Tuesday, February 28, 2012

Yes We Can Collage

I read the book Yes We Can by Scholastic to the class. Students drew a picture in DrawingPad related to one of the topics, such as vote, recycle, help each other, cooperate, etc. They imported the picture to StripDesign and wrote a caption.  Instead of emailing the StripDesign, they saved it to the photo library.  When everyone had had a turn, all students gathered that used the same iPad. They imported all their pictures from the photo roll (in most cases 4 of them) into an app called PicCollage. In PicCollage they moved their pictures around and resized them. They added a title and emailed the finish poster to me.

Friday, February 17, 2012

Jan Brett inspired story in SonicPic and DrawingPad

The class read and compared/contrasted The Mitten and The Umbrella, both by Jan Brett. Groups of 3-4 students created a story map and then a story describing a container of their own that becomes a home to 3 animals. Following the pattern, they lose their home at the end. Students created 3 illustrations in DrawingPad and imported them to SonicPic and then read their story.  The largest file size that can be emailed in SonicPic is 10 MB. A couple groups were very descriptive in their stories and their finished products were slightly larger so they had to go back and read a little faster so I could share with their families. I know YouTube and other sharing methods are available, but for the moment email is the preference for the majority of the parents.

Three Branches of Government in Educreations

At the end of our study of the 3 branches of government, groups of 3-4 students worked together to show what they have learned about the role of each branch in creating a law. Students created 3 pictures in DrawingPad, 1 for each branch of the government. They imported these into Educreations and had a great time giving their presentation. The directions were to create a new law for our school and tell the role each branch would play in regard to that law.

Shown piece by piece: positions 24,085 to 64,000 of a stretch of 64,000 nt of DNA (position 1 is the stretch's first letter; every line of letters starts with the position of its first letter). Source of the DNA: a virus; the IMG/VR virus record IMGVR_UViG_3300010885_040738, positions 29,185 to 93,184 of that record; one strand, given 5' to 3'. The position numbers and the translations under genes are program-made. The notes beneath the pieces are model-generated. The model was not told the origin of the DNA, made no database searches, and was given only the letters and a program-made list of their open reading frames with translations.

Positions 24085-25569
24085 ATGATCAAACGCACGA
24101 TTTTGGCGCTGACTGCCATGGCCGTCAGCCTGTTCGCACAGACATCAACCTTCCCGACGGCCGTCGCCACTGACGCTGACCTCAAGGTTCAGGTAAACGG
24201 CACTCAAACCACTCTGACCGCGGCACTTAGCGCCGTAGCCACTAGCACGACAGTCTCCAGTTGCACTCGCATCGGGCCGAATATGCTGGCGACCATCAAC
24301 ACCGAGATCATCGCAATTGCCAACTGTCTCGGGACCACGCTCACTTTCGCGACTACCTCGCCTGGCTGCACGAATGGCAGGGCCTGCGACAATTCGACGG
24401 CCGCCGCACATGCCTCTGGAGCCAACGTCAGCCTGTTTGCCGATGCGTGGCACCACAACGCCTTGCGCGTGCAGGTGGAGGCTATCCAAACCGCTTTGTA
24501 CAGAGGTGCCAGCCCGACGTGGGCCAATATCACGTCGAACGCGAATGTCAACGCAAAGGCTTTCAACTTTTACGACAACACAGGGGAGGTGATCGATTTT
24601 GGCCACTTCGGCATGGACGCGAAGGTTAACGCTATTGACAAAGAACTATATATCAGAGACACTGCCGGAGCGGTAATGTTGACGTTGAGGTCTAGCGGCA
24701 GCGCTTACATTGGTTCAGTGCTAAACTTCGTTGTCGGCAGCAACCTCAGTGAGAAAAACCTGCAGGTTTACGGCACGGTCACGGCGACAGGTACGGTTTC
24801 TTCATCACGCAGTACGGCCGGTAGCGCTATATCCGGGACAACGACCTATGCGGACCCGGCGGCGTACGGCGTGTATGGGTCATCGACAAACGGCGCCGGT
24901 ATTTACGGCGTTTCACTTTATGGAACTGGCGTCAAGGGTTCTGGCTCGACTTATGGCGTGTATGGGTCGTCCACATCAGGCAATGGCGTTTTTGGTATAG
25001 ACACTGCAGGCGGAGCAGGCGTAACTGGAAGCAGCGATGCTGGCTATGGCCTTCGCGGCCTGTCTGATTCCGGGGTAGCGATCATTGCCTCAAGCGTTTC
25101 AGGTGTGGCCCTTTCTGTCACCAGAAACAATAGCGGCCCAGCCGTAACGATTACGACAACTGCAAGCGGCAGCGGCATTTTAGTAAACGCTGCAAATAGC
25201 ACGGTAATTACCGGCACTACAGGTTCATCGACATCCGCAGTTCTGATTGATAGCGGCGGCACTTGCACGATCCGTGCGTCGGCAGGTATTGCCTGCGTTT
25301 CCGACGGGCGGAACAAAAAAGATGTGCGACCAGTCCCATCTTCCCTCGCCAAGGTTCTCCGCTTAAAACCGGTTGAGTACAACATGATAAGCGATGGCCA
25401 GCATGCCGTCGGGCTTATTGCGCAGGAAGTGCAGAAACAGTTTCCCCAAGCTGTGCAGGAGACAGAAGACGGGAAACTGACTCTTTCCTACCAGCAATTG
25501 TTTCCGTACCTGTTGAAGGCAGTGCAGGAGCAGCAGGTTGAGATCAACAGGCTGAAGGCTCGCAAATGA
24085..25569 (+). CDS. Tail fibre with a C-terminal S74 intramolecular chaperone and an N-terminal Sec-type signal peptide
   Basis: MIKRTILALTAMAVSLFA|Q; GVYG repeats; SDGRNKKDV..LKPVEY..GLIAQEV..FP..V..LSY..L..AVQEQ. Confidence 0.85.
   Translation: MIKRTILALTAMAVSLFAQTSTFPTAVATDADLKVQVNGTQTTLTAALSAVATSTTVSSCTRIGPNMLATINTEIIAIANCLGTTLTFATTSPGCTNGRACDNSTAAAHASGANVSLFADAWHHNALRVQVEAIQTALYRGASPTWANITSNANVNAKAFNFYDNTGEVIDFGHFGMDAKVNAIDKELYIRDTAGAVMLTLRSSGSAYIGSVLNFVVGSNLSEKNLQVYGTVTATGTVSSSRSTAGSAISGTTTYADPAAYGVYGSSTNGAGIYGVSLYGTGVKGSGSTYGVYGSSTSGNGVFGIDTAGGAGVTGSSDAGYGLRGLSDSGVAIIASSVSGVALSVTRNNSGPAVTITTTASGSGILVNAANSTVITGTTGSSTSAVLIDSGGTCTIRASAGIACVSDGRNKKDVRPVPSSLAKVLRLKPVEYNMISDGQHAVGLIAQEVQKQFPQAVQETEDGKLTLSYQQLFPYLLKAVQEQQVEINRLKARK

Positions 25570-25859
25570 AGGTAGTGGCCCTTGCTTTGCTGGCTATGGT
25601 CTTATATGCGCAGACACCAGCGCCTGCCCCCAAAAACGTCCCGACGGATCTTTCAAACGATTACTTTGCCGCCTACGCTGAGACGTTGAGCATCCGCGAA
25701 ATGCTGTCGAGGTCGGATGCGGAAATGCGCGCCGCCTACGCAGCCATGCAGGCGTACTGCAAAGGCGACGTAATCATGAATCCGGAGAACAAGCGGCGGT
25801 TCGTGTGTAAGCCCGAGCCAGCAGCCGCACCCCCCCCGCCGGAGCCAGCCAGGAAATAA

This was the first time students used Educreations. The fun of annotating as they talked took priority for some groups over explaining the process of government. This is one of those times I should have let them play first!

Thursday, February 16, 2012

PlayHome Lite and Prepositions

I was turned-on to the PlayHome Lite app by Lisa Johnson and Yolanda Barker. My students absolutely loved it, they thought some of the interactions were hilarious. After playing for awhile they formed pairs and created a scene, either in the kitchen or family room. The only requirement I gave was that it had to be a scene that they could write prepositional phrases for (easy). They took a screenshot of their scene and imported it to Skitch. Students labelled their prepositional phrases and emailed me their creations.

Napping House-like Prepositional Phrases

Even though the text is on the easy side, my students ready The Napping House by Audrey Wood in preparation for a discussion about prepositions and synonyms. It's a great book for both and generates a lot of laughter. After a quick lesson, groups of 3-4 students were given a cloze form with blanks for the preposition and adjectives describing the characters. I gave each group a different adjective, such as silly, laughing, and angry.  Groups filled in the form with prepositions describing positions of each character and a different synonym for the adjective I provided (antonym for the flea). In DrawingPad they created a scene to match what they had written. They imported this to SonicPic and recorded themselves reading the form.